Cover page with tabbed sections

Each month begins with a 2-page monthly spread for an overview. My first impression of it is that is has a lot of space. In addition to the customary memo grid at the bottom of the page, 2/3 of the second page is blank. A small calendar for the following month is printed on the lower right hand corner of each monthly spread. This set-up is helpful to those who are accustomed to monthly planning. Followed by the monthly spread is another 2-page spread with check boxes, lined and blank grids. While the set-up looks neat, I have no clue what it is for or how to use it. As the owner of this planner for the past 6 months, I have only used this section as a monthly to-do list. Given the mixed format, I speculate that these pages are ideal for project planning and tracking. The check boxes can be used for tasks within the larger project, while the blank boxes can use for brainstorming.

Monthly spread. Do you see all the white space?
The “project management page” or to-do list in the monthly section

Similar to the monthly section, the weekly spread consisted of 2 pages, with the week on one side and lined memo page on the other. The current month and the week in the year we printed on the header of each weekly page. Moon phases are notated, similar to what most conventional planners, but Hightide only indicated full and half. I surmise deliberate lack of markings is to create a sense of openness in a compact planner.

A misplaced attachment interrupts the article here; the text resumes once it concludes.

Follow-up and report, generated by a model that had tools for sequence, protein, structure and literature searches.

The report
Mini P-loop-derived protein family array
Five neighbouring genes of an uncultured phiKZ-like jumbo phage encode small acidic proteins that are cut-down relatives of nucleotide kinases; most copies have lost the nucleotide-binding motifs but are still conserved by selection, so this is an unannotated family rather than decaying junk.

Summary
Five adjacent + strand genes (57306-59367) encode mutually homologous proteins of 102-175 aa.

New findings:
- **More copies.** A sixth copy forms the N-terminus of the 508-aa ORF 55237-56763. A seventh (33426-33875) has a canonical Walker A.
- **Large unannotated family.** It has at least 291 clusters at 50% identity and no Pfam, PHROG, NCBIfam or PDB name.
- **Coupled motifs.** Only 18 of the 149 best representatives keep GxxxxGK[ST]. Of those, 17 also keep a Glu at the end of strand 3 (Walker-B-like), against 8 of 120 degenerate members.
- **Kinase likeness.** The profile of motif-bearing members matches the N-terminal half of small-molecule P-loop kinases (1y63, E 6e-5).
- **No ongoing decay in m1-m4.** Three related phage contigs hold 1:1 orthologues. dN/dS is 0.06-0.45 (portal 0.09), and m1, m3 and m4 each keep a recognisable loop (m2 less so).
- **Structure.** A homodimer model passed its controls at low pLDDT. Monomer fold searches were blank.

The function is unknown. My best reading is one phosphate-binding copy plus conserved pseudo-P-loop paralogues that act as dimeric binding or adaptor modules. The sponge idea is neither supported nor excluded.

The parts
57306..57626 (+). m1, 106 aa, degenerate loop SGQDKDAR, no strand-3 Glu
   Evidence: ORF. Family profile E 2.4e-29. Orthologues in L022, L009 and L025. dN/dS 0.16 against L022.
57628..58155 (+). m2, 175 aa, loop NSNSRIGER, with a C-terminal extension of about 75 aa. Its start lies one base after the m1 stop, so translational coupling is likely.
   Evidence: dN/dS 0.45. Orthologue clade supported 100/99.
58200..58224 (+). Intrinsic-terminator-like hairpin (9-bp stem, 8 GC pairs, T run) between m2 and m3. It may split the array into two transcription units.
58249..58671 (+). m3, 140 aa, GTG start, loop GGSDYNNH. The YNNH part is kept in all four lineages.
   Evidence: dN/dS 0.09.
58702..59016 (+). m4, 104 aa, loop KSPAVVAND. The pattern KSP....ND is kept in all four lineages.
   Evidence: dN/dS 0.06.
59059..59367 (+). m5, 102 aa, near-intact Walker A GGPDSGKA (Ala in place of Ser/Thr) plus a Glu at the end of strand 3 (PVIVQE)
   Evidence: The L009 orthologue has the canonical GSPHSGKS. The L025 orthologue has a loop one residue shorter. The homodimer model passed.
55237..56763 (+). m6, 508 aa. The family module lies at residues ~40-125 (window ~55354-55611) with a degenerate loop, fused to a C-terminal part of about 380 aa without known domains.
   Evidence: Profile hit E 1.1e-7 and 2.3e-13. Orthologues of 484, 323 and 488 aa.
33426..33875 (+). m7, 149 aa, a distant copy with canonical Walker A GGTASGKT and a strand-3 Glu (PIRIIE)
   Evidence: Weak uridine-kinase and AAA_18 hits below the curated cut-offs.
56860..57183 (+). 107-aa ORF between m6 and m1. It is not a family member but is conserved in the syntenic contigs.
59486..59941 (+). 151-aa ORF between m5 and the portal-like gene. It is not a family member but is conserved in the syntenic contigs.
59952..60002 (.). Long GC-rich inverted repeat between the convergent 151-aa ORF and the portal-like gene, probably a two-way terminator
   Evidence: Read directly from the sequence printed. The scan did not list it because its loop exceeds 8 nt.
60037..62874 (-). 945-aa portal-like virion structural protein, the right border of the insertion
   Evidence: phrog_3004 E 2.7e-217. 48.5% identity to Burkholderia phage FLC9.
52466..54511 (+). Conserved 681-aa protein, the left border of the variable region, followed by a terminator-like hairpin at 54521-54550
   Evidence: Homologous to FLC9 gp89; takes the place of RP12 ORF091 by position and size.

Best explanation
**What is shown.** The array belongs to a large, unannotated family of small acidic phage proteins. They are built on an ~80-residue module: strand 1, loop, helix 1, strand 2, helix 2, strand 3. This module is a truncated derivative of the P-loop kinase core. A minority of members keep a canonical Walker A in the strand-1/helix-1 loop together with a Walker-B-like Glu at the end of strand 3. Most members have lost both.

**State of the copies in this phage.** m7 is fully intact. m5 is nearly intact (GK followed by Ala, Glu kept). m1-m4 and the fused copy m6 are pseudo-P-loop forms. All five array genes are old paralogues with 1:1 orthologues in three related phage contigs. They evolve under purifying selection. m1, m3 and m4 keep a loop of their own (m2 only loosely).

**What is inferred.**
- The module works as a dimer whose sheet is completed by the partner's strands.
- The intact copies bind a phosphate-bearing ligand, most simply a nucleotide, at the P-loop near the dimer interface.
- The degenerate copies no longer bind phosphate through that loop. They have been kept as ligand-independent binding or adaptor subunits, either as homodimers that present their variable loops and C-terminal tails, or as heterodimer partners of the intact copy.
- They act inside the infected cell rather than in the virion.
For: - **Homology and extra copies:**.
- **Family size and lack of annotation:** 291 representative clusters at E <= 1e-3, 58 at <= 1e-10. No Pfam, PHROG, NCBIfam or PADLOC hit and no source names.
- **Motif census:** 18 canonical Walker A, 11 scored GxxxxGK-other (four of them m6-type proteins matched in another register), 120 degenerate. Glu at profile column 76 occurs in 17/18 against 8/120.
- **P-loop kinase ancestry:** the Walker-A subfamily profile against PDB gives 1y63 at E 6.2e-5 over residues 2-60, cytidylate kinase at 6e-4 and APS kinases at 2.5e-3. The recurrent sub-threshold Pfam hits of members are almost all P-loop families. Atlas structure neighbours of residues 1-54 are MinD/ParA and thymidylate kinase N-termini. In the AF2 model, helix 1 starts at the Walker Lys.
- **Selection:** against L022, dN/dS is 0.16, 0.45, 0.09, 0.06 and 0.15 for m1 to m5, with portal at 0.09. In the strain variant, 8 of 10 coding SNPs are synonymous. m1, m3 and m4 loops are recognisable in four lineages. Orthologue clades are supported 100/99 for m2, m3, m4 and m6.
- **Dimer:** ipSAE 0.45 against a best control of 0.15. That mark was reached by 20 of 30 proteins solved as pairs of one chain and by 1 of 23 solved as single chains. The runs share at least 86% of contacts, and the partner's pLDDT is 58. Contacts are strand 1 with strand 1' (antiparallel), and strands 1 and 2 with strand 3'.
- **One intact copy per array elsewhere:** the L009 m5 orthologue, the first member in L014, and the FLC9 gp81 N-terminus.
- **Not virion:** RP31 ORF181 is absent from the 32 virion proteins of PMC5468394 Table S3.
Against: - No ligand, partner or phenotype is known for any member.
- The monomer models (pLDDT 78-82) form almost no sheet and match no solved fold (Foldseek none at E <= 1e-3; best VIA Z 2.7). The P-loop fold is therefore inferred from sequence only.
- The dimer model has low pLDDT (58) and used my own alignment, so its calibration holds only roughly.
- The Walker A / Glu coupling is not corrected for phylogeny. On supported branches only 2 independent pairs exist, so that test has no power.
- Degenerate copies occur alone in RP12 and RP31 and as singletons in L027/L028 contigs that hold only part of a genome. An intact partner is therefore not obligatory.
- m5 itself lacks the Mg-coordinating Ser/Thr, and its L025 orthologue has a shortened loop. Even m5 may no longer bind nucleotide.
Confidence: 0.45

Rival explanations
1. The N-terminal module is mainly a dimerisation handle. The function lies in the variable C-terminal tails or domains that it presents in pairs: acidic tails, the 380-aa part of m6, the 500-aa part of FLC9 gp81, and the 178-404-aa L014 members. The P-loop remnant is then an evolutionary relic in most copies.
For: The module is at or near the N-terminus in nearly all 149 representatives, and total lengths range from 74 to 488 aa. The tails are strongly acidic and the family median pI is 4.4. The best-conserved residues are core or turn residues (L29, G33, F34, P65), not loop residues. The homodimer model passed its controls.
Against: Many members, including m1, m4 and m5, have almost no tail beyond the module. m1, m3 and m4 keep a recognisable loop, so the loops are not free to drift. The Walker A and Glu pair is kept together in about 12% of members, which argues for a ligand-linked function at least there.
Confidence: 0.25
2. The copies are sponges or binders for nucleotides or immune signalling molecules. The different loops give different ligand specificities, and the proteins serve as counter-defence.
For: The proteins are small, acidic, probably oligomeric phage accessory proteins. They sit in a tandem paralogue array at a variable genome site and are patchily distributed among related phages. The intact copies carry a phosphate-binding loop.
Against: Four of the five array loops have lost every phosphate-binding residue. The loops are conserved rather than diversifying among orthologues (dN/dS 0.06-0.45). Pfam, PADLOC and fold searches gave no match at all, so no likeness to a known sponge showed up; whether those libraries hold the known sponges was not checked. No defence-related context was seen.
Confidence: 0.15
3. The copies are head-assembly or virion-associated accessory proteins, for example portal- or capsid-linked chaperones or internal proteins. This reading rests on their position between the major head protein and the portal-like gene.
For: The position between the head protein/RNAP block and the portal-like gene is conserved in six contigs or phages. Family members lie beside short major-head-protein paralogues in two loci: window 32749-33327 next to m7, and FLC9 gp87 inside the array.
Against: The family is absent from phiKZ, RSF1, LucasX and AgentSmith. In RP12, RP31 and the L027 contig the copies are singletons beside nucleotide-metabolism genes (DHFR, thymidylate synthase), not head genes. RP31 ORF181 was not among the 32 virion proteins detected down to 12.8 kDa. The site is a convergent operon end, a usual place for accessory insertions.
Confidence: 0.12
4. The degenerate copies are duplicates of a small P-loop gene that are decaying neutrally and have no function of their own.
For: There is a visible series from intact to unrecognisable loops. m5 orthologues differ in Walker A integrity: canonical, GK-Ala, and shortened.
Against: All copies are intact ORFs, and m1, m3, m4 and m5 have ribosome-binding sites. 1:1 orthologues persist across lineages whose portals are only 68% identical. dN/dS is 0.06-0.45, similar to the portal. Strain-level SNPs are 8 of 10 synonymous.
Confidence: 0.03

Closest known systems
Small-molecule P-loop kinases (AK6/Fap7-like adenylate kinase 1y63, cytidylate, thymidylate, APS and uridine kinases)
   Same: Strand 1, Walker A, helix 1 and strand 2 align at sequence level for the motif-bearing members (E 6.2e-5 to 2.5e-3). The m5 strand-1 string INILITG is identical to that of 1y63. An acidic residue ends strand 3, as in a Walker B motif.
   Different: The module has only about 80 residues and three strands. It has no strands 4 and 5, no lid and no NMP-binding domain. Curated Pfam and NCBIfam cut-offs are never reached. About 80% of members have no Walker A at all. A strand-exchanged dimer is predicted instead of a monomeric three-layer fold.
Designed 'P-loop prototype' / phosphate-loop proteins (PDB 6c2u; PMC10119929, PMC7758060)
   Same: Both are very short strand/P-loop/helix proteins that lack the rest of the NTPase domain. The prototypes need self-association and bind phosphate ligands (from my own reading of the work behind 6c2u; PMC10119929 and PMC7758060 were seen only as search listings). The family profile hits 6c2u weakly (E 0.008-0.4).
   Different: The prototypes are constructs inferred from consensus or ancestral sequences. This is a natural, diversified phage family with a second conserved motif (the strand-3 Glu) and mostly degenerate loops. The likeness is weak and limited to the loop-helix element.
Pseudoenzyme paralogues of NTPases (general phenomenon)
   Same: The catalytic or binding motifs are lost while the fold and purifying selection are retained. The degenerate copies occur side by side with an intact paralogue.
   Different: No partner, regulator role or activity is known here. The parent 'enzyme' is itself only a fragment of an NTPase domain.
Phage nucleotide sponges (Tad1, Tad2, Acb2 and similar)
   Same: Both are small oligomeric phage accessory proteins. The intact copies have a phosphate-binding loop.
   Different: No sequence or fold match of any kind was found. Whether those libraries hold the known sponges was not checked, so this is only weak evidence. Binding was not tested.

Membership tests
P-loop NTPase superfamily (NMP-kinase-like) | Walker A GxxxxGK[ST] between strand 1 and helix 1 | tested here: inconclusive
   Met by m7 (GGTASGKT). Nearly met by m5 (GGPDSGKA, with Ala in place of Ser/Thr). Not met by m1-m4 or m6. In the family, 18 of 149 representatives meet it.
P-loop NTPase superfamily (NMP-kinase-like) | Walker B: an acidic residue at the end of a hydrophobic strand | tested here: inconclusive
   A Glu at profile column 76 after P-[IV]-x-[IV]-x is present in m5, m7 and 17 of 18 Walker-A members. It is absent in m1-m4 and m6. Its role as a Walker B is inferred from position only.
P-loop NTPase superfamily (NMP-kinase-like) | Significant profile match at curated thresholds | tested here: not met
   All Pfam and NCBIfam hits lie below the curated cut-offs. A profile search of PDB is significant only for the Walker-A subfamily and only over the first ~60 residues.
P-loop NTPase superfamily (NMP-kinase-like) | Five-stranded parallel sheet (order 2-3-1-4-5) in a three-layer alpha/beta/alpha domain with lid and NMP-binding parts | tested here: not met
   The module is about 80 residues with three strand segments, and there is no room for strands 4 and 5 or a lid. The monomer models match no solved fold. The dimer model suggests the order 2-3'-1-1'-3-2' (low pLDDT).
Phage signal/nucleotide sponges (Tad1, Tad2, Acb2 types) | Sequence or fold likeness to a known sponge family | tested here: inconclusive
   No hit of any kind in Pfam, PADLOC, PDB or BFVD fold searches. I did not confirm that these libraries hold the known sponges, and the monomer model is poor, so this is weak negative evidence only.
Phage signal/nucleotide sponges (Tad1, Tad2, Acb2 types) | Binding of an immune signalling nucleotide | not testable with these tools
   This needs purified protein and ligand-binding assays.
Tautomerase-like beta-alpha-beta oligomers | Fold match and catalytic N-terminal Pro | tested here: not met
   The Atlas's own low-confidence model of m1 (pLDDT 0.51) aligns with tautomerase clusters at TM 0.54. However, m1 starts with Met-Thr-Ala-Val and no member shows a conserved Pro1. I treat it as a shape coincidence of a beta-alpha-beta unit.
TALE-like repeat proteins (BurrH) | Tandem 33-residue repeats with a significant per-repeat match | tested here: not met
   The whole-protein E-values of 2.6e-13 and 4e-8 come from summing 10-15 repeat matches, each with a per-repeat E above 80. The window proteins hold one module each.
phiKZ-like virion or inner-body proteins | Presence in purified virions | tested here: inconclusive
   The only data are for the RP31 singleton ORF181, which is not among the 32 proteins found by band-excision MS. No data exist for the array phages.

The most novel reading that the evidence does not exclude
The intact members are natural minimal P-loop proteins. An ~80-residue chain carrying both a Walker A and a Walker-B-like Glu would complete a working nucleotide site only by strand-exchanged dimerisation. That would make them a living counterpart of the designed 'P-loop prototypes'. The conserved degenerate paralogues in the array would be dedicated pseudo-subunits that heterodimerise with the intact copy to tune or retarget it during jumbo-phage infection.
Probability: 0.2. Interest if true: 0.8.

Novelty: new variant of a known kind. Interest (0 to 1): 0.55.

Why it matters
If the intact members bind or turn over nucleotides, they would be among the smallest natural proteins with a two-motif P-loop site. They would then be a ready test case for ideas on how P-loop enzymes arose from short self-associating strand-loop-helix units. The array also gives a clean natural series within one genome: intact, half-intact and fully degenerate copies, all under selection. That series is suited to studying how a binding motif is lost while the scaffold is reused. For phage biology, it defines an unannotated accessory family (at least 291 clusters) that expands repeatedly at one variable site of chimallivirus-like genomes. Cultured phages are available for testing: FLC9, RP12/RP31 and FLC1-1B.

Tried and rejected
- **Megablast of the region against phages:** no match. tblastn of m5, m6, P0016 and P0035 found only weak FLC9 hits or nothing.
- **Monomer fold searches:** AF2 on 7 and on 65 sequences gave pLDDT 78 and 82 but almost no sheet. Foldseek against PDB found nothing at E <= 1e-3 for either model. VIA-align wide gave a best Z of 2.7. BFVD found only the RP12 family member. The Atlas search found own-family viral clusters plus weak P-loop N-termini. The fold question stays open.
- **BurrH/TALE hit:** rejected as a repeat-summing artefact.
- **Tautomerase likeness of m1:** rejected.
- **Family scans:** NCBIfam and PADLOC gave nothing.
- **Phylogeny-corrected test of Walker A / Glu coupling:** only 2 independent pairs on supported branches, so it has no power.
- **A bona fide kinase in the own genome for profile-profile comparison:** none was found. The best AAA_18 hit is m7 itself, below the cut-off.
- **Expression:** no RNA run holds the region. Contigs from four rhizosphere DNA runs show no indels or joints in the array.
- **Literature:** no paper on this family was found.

Weekly page


While Monday through Saturday are printed in gray, the Sunday is printed in green. For weeks that bleed into the following month, those days are printed in light gray. I usually use those pages as memo pages. Different from Midori Traveler’s Notebook and Hobonichi Weeks, the opposing memo pages are lined and with a divider in the center. In Hobonichi Weeks’ memo page, there is a vertical “secret line” that is slightly darker than the rest. This line can give a memo page more structure in a sense that topics can be jotted down left to this secret line, while all the notes and details stay to the right. At a glance, the line is barely noticeable so even if one opts not to use it, the page is still versatile. Even though the center dividing line is faint in Hightide, to me, the format resembles an address book. It may sound odd, but writing over that center line felt like trespassing the border. To calm my OCD, I have been using the page by blocks: I cluster tasks with similar natures in each box and check off as I complete them.

Memo page

Overall Impression